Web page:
South Sudan's rival parties have temporarily salvaged prospects for peace, agreeing a six-month deadline extension to allow for the formation of a unity government. But the country's external partners must sustain pressure on both sides to preserve a ceasefire and maintain consensus on a path forward.
On 3 May at a summit in Addis Ababa, South Sudan's rival parties agreed to a six-month extension of the deadline to form a unity government. A consensual delay had become the best available option to salvage South Sudan's peace deal, which has produced the first sustained ceasefire in the five-year conflict pitting forces loyal to President Salva Kiir against an alliance led by former Vice President Riek Machar. But the next six months should not be wasted as the last eight were. The two sides need to make difficult decisions and South Sudan's foreign partners should both encourage and pressure them to do so in order to prevent a return to war.
For the first extended period since the civil war broke out in December 2013, the news out of South Sudan is not uniformly bleak: after the parties reached a peace deal in September 2018, a nationwide ceasefire between the signatories has been holding, even though fighting continues between the government and smaller groups clustered in South Sudan's Equatoria region who remain outside the peace deal.
This is a noteworthy achievement after years of empty commitments by the parties to silence their guns. Thousands of lives have been saved. But the gain is tenuous. The agreement, brokered by the regional body IGAD (the Intergovernmental Authority on Development, long chaired by Ethiopia), gave the parties eight months to complete two main tasks: unifying a national army and resolving internal boundaries. Little, if any, progress has been made on either.
This lack of movement is hardly surprising, as the status quo is convenient for both sides. The government has little incentive to execute a power-sharing arrangement that, by definition, will dilute its authority. Benefitting from its military strength, it has invested few resources to help finance implementation of the accord; this extension, or even one after that, is no hardship. Riek Machar, who in theory would have every reason to return to Juba to take up the post of vice president as provided by the accord, has also been content to procrastinate; he was the one insisting on a six-month delay.
He appears to view the period prior to implementation - and notably the so-called cantonment process, under which both sides' armed groups are to be assembled as a prelude to forming a new, unified army - as an opportunity to regroup and bankroll his fighting force, which has largely demobilised after years of attrition and a lack of external support. He will also want to wait for developments in neighbouring Sudan to settle down, given the role Khartoum has played as his historic patron. Meanwhile, regional and international interest in South Sudan has drifted and waned. With neither internal momentum nor external pressure, paralysis was virtually preordained.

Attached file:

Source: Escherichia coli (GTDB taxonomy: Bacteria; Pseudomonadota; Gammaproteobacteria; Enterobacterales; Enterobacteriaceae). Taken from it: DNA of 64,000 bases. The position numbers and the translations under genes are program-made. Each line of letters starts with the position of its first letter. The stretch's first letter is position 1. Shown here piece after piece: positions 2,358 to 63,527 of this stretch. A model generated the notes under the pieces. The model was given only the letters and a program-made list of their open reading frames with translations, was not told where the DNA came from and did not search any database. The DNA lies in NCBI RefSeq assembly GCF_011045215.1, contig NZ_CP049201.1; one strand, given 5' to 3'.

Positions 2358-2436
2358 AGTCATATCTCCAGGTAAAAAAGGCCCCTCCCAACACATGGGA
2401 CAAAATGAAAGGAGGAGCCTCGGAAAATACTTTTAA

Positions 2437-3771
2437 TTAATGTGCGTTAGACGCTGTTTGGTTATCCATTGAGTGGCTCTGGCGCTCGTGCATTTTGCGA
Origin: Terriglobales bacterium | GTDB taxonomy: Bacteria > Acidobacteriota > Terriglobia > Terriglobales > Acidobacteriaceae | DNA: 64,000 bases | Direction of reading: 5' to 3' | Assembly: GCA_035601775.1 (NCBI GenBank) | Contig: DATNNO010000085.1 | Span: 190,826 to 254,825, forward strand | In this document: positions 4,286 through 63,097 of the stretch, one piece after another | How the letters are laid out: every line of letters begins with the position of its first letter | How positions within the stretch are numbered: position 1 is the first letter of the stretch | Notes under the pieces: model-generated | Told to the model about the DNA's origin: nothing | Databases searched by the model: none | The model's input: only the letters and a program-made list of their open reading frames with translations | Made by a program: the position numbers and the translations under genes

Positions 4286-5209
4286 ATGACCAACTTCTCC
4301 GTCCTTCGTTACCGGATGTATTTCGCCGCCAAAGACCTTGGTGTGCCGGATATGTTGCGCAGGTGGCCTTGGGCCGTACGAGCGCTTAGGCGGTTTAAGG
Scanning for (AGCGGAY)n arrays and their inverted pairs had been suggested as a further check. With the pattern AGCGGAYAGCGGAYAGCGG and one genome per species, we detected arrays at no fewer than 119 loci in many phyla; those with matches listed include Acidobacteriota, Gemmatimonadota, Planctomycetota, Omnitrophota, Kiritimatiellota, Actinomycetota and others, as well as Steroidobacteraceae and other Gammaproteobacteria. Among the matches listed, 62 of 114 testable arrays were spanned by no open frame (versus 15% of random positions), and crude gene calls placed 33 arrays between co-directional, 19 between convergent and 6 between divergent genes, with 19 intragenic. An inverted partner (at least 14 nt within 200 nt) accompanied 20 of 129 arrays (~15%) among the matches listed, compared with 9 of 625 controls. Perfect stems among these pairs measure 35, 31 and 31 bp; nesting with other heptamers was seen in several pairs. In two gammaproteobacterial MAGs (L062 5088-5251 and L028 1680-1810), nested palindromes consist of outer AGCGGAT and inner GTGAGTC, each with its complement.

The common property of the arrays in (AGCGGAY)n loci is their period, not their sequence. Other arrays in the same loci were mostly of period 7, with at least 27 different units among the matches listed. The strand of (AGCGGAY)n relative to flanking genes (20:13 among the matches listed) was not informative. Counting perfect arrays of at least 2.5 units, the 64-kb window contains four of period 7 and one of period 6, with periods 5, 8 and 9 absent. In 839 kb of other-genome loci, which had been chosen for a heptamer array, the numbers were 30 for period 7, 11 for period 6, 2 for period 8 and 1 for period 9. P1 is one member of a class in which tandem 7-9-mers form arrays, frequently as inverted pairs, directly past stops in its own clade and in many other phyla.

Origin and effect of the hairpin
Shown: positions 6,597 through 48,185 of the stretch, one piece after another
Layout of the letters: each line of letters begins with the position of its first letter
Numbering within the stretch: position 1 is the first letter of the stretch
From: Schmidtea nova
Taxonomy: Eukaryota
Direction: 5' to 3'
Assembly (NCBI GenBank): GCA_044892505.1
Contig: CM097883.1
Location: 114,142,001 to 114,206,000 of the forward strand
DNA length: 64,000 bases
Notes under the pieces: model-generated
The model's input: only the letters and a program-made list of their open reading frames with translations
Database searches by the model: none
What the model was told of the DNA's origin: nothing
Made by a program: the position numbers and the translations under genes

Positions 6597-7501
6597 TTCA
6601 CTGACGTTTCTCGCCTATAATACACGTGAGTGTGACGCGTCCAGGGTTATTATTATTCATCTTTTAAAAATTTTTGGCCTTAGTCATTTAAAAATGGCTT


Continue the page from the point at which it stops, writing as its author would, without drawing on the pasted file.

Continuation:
The peace deal's security provisions in particular have remained a dead letter. Kiir's army ignored provisions to demilitarise cities. There was no advance toward cantonment: Machar did not send his soldiers to camps, claiming a lack of funds, which only confirmed to wary donors that this exercise is about subsidising armed forces that someday could revert to war.
Under the circumstances, the 3 May agreement is welcome news. By extending the deadline it avoided a riskier alternative: unilateral formation of a new government by Kiir without the main opposition party's participation. When the government opted for that approach in 2016 and replaced Machar with a senior defector from his own party, two years of widening conflict ensued. There was another positive outcome: government representatives pledged $100 million to the implementation process, which - should Kiir carry out this commitment - will help assuage external donors increasingly impatient with Juba's unwillingness to spend any of its own money.
But for the next six months not to mimic the inaction of the past eight, several steps will be crucial:
Breaking the impasse over implementation, especially regarding security provisions. As Crisis Group has previously underscored, the priority is to ensure the peace process does not stall and preserve its principal achievement, the ceasefire. So far, Machar has insisted that his return, and thus the formation of a unity government, can only happen after completion of the cantonment process.